HORTICULTURE — Garden guide: Things to do this month


By Mary Jane Frogge, Extension Associate

Hand pick bagworms from your evergreen and deciduous trees.

Water the garden early in the day so plants can absorb the moisture before the hot sun dries the soil. Early watering also insures that the foliage dries before night. Wet foliage at night increases susceptibility to fungus diseases.

Many herbs self-sow if the flowers are not removed. Dill produce seeds that fall around the parent plant and come up as volunteers the following spring.

Check deciduous trees for fall webworm. Use a broom or rake to get them out of small trees.

Check on water needs of hanging baskets daily in the summer. Wind and sun dry them much more quickly than other containers.

Clean up fallen rose and peony leaves. They can harbor disease and insect pests over the winter if allowed to remain on the ground.

Every weed that produces seed, means more weeds next year. Control weeds before they go to seed.

Remove old vegetable plants which have stopped producing to eliminate a shelter for insects and disease organisms.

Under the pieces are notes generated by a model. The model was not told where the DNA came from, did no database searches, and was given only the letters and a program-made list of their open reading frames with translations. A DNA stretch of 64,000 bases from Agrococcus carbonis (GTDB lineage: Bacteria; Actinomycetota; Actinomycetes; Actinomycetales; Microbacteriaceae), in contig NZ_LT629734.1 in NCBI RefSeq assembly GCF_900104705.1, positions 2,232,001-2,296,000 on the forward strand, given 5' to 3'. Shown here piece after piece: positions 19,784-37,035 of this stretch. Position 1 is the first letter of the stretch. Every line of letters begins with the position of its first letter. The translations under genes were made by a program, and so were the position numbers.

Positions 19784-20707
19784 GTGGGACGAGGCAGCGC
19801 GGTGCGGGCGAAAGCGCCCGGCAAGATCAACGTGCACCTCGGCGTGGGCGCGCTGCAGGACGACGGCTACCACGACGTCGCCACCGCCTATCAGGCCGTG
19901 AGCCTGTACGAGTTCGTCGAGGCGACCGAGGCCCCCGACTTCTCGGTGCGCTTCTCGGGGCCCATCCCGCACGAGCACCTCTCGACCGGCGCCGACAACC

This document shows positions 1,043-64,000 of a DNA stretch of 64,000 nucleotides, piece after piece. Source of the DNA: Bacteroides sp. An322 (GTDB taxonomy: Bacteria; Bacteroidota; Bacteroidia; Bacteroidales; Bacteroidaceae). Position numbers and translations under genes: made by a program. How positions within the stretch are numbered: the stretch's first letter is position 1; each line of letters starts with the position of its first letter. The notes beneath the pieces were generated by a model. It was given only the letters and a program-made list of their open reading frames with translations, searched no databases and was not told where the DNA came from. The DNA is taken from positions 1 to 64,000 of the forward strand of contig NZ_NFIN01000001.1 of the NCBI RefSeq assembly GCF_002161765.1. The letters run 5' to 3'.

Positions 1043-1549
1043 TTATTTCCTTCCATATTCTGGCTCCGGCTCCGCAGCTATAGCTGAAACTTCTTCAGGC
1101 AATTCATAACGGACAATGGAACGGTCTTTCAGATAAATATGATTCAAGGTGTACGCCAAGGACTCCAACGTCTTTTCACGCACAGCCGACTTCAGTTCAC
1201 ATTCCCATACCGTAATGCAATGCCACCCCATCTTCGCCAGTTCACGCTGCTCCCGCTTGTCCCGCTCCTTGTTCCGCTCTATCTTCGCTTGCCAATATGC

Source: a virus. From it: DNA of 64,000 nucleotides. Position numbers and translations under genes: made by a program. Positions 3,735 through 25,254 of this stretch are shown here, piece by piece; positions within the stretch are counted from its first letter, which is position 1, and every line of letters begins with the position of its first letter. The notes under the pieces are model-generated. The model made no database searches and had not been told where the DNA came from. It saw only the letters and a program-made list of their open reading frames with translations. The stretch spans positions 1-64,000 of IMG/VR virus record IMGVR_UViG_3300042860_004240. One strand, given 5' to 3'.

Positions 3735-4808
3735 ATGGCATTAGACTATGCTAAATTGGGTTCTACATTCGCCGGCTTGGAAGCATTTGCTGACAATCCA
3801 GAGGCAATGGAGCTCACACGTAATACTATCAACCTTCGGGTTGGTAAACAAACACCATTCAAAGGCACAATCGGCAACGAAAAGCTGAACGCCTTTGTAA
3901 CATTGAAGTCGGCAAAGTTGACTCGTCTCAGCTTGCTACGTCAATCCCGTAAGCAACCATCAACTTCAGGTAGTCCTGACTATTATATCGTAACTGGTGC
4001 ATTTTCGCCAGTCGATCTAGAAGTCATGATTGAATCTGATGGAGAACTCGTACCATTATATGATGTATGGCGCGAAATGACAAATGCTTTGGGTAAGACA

Mound soil over the lateral or brace roots of corn stalks for extra support against strong winds.

Pick summer squash and zucchini every day or two to keep the plants producing.

To reduce the number of pests on your fruit tree for the coming year, pick up and destroy all fallen fruit.

Bacillus thuringiensis (Bt) is used by many gardeners to protect cole crops from chewing caterpillars.

White flies are attracted to yellow, so use yellow sticky boards to reduce their populations.

Do not add weeds with mature seed heads to the compost pile. Many weed seeds can remain viable and germinate next year when the compost is used.